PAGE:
March 7, 2023 A simple guide to ATED terms and jargon
The deadline for filing for the Annual Tax on Enveloped Dwelling (ATED) is nearing. The ATED return comes around once a year. It is a tax related to property but that only applies in specific situations. Here we explain what it is with a particular focus on some of the jargon used.
What is ATED?
According to the HMRC technical guidance:
The Annual Tax on Enveloped Dwellings (ATED) is a tax charged on ‘non-natural persons’ which hold an interest in one or more UK residential dwelling(s) and where the value of that single dwelling interest is above the relevant threshold.
ATED is an annual tax and is charged in respect of ‘chargeable periods’ running from 1 April to 31 March.
Here we breakdown the jargon in plain English:
- Who or what is a-non-natural person?
- What is meant by an interest?
- What is meant by dwelling?
- What is the relevant threshold?
- What is a chargeable period?
- And more.
What is a non-natural person?
ATED is payable where instead of being owned by an individual the property is owned by a non-natural person (NNP). In most instances this would be a company but it may also be a partnership where there is a corporate partner, a collective investment scheme e.g. a unit trust or an open ended investment vehicle or a trust.
However, there are exemptions for: charities holding property for charitable purposes, public bodies and bodies established for national purposes.
What is a ‘chargeable interest’?
Chargeable interest in ATED scope means interest in a single dwelling. A dwelling can be a building or part of a building and it includes any garden or grounds occupied or enjoyed with the dwelling. Simple examples of a single-dwelling interest are a freehold interest and a leasehold interest. For instance, if a company owns 3 flats in an apartment building/complex, they are treated as having separate single dwelling interests in each of the 3 flats. If either one of the interests exceeds the ATED thresholds individually, an ATED return will be required for that specific dwelling.
What is a dwelling?
A building (or part of a building) is a “dwelling” at any time when it is:
- Used as a dwelling
- Could be used as a dwelling
- Or is in the purpose of being constructed or adapted to be used as a dwelling
Situations where a property would not be considered a dwelling include:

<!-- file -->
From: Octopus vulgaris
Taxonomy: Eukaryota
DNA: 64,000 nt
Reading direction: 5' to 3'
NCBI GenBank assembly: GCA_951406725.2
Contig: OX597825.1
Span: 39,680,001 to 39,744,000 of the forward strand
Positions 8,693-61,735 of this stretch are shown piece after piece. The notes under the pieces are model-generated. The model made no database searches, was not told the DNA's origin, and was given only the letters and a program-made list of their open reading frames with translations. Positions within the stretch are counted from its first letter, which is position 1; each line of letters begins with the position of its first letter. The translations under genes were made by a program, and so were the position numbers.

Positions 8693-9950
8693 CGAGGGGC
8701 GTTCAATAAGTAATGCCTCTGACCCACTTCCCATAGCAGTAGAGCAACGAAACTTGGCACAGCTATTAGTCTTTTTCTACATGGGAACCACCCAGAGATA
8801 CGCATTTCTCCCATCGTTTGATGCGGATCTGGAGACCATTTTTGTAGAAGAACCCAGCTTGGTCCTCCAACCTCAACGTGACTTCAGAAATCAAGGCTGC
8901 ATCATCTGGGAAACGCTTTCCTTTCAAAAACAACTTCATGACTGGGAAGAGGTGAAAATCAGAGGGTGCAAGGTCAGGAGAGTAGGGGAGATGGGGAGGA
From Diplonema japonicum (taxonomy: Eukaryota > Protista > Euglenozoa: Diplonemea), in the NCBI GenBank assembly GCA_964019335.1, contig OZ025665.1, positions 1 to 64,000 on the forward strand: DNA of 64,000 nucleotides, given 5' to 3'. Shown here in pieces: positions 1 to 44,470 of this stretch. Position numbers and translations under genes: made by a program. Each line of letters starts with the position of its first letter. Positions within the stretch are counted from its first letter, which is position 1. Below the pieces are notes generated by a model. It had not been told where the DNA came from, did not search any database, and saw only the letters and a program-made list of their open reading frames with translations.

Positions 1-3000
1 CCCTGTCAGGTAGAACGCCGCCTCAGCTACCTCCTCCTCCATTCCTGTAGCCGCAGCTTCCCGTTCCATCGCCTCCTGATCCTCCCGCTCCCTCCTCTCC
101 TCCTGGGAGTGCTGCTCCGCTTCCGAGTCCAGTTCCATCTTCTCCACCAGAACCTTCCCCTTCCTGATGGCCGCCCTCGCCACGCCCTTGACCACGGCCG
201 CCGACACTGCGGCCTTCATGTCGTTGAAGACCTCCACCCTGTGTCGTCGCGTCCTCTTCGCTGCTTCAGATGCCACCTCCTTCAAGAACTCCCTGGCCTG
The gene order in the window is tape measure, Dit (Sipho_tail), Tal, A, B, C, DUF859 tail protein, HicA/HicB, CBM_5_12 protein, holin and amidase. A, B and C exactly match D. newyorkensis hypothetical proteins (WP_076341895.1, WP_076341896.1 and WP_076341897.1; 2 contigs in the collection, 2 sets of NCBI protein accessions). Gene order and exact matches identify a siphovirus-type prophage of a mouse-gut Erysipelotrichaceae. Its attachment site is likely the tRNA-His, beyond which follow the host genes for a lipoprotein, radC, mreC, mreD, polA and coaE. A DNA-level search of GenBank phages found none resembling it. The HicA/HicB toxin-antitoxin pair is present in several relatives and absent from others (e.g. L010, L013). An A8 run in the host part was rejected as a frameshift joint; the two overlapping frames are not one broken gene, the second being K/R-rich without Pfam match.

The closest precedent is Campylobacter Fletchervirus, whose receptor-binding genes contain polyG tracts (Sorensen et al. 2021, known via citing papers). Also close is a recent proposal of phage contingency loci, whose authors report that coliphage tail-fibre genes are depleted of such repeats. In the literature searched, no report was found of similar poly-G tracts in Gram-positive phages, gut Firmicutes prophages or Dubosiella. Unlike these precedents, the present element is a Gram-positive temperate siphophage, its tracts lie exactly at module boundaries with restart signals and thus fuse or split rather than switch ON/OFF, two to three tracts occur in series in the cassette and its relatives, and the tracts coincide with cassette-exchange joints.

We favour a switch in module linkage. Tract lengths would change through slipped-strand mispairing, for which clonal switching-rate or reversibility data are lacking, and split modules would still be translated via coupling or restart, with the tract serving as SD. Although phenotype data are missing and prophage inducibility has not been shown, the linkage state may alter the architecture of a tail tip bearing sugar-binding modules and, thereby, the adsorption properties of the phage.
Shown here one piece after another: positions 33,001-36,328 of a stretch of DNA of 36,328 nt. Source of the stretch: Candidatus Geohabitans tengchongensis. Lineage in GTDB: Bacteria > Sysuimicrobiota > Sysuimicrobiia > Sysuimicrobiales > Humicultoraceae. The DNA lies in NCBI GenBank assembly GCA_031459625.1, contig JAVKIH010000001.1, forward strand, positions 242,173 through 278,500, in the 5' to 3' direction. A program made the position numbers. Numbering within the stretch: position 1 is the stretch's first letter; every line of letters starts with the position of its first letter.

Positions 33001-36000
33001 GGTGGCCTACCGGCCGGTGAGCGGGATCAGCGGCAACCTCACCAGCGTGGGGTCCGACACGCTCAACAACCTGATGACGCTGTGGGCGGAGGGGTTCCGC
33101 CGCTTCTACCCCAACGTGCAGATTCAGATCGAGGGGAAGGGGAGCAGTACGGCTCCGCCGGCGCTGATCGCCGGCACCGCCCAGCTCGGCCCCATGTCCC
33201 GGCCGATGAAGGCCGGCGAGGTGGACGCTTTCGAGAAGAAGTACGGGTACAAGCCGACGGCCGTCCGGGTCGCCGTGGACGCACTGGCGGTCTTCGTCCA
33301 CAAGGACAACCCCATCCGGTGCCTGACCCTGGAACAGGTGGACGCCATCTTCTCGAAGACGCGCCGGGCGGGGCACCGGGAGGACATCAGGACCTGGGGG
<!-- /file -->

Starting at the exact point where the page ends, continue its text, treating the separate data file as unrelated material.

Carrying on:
- Student accommodation
- Care homes
- Hospital or hospice.
- A hotel or inn
- Property being redeveloped or held as stock for resale a developer.
- Rental property
What is the ‘relevant threshold’ value?
At the time of writing ATED applies to properties with a market value of £500,000+, and this has been the case since April 2016.
Every 5 years you are required to revalue the property. For filings in 2023/24, 2024/25, 2025/26 and 2026/2027 the valuation is the value at 1 April 2022 or the purchase cost of the property if it was acquired after that date.
How is the value of the property arrived at?
The value of the property is the “market value”. This is the price that those assets might reasonably be expected to fetch on a sale in the open market where there is a willing buyer and willing seller.
What is a chargeable period?
Chargeable periods run from 1 April – 31 March. ATED is payable annually in advance by 30 April for the chargeable period covered by the return. For example, returns for April 2023 – March 2024 ATED must be filed on or after 1 April 2023.
If a property is only owned for part of the chargeable period it will owe a proportion of the charge.
Finally, how is the ATED tax calculated?
The tax is calculated based on a banding approach. The amount owed depends on which band the market value of the property fits in.
|£500k – £1m||£4,150|
|£1m – £2m||£8,450|
|£2m – £5m||£28,650|
|£5m – £10m||£67,050|
|£10m – £20m||£134,550|
How can Elemental help?
Elemental can help you determine if your company is required to pay ATED based on the value of your residential properties and your specific circumstances. For more information on how we can help clients visit our ATED Return Service page.